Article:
Cassirer's later work The Myth of the State was hardly adequate to the task of grappling with the problem of fascism, and with the underlying violence of Heidegger's philosophy.
When Cassirer concluded The Myth of the State (and his life work) by admitting that "it is beyond the power of philosophy to destroy the political myths," because "a myth is in a sense invulnerable . . . impervious to rational arguments," and hence "cannot be refuted by syllogisms," he was still confirming one of Heidegger's basic arguments, was still unwilling or incapable of taking the next step and asking how myth might then work so supremely well as illocutionary act and perlocutionary effect. For his part, Heidegger's exo/esoteric intervention in the Third Reich was capable of not just producing at that time what he notoriously called "the inner truth and greatness of the Movement" (i.e., national socialism) but later reproducing his brand of fascism to live to fight another day exo/esoterically long after it had succumbed politically—as is the inevitable fate of any ontic phenomenon during the long march of the transhistory of Being. As helpless as virtually any isolated individual or philosopher is in the face of historical disaster, in The Myth of the State Cassirer could add only one qualification to his admission that "it is not in the power of philosophy to destroy the political myths": "But philosophy can do us another important service. It can make us understand the adversary better. In order to fight the enemy you must know him. . . . We should see the adversary face to face in order to know how to combat him." The uncanny problem, however, is that this enemy may be us. And it is us, if grasping the exo/esoteric dimension of modern myth is indeed impossible, "impervious to rational arguments," and without our ability fully to know how the enemy debates, thinks, writes. One thing is certain. In 1929 Davos, Ernst Cassirer had met his enemy face to face—absolutely clueless about how to combat him effectively. And today this is the Cassirerian ball that is in 'our' court, including the conceptually foundationless court of cultural studies.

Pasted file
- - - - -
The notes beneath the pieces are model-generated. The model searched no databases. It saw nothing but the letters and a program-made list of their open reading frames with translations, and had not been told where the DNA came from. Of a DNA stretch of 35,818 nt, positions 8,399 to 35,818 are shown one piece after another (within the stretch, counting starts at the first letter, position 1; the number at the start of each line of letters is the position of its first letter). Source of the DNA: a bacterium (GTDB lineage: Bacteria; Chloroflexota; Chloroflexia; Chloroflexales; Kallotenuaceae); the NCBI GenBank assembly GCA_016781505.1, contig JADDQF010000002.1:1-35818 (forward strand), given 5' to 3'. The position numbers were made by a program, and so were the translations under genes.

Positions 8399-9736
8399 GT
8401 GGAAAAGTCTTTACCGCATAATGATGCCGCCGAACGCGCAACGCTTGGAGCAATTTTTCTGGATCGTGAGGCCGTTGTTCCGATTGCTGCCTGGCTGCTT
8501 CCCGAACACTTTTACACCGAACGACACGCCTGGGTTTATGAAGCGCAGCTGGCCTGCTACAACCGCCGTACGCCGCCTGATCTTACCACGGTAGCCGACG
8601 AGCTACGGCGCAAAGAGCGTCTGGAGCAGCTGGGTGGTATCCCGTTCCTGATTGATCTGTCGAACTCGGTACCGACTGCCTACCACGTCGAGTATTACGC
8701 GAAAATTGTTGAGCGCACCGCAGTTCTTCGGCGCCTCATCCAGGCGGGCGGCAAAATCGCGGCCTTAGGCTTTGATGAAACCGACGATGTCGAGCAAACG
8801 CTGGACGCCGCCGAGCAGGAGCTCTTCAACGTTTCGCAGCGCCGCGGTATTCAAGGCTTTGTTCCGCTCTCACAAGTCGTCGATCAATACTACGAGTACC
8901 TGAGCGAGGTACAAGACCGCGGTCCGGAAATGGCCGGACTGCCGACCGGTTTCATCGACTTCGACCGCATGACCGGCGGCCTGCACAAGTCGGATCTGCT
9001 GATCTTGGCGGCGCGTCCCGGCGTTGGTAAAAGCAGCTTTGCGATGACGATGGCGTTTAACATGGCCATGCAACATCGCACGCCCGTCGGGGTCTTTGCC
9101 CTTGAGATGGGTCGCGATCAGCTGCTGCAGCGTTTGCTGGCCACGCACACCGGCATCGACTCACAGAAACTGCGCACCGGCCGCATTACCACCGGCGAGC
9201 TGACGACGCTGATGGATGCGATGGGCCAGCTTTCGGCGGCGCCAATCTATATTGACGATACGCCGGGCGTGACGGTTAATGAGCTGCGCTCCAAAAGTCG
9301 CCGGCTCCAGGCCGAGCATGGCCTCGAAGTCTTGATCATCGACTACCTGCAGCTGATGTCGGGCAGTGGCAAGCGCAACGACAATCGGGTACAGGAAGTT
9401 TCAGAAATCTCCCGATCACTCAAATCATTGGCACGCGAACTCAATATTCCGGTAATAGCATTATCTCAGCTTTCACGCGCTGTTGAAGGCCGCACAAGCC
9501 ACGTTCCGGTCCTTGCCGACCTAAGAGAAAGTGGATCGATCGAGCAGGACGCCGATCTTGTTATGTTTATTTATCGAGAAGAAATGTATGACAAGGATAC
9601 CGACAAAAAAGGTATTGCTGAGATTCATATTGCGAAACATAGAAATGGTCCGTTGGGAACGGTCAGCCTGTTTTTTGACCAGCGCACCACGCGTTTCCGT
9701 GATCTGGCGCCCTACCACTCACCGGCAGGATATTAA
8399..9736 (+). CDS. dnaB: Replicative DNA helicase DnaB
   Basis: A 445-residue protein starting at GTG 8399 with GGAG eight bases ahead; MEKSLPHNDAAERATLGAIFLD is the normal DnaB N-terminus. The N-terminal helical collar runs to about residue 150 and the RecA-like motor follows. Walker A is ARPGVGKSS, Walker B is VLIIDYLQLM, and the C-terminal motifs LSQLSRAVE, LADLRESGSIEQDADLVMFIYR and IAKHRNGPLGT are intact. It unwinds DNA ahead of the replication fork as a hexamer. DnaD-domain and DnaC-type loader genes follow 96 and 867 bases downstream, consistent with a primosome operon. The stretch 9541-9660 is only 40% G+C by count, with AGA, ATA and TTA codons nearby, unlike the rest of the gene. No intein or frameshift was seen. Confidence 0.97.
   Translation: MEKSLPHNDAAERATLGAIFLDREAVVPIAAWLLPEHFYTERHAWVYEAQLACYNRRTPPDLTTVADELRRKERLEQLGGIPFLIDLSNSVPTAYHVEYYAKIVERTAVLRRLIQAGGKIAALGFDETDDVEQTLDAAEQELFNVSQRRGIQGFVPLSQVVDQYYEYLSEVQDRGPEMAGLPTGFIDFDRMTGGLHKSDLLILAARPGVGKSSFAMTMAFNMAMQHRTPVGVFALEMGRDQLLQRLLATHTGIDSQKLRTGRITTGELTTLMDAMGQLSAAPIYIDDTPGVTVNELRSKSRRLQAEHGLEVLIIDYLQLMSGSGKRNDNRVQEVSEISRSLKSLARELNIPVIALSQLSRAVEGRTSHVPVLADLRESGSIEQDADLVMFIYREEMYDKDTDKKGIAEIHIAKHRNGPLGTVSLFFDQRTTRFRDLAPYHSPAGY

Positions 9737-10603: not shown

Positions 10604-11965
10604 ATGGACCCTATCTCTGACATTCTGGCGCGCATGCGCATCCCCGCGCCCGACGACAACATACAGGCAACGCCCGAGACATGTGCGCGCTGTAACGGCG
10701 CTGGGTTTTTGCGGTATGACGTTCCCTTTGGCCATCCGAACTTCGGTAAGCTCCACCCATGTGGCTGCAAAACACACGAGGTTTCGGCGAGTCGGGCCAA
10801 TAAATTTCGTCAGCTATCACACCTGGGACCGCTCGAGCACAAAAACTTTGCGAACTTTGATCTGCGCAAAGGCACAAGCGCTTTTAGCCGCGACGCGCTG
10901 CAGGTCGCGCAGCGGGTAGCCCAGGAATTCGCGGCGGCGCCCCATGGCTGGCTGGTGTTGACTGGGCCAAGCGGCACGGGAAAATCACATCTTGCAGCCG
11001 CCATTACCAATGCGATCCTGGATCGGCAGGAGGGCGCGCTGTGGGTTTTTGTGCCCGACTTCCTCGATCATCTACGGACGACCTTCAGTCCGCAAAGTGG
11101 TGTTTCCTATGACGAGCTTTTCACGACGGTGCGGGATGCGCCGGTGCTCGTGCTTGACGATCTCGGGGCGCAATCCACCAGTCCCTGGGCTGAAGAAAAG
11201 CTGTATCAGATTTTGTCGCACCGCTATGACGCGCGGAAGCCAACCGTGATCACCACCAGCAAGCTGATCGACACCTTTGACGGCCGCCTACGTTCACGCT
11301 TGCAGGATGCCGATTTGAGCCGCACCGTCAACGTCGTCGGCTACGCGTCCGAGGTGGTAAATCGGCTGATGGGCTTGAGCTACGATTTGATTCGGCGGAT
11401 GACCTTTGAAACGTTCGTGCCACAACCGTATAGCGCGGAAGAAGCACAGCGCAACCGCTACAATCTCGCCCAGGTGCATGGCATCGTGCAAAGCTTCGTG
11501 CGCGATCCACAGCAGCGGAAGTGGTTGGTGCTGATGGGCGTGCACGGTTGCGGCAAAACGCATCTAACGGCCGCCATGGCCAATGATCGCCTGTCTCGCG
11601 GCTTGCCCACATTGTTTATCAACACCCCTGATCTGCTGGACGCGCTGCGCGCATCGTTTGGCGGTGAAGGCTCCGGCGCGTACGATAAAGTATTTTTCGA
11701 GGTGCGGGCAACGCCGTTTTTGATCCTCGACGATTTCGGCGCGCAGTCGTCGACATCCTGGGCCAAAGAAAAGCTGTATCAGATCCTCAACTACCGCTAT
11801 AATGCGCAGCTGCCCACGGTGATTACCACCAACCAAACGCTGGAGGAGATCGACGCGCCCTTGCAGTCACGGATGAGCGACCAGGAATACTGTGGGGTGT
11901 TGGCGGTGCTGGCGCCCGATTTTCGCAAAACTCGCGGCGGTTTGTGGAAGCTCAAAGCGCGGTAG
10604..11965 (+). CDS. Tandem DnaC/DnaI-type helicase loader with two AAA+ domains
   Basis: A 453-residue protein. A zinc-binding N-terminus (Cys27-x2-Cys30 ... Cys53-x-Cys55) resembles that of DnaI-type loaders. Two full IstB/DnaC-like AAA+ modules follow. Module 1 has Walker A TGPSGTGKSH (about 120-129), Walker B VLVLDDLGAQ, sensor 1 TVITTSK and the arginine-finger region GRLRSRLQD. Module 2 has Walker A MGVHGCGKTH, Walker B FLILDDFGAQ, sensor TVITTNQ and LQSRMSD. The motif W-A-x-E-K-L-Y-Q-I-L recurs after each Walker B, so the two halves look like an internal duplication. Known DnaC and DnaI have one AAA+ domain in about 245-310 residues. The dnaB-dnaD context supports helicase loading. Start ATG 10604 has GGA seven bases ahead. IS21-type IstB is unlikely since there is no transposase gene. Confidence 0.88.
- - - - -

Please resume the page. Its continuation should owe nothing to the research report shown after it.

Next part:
But in one important respect Heidegger did not simply 'win' the Davos debate whereas Cassirer simply 'lost' it. In terms of class struggle (not to be conflated with political ideology), Cassirer and Heidegger always say the same thing—albeit the one exoterically, the other exo/esoterically. In this sense, they both won the real debate, the one 'extimate' to all academic philosophical disputes: the debate on behalf of capitalist interests.  At the very end of the Davos event, a slapstick cabaret was organized with the inevitable caricature of the main participants.
Levinas played the role of Cassirer.
As for alternative positions, Waite concludes: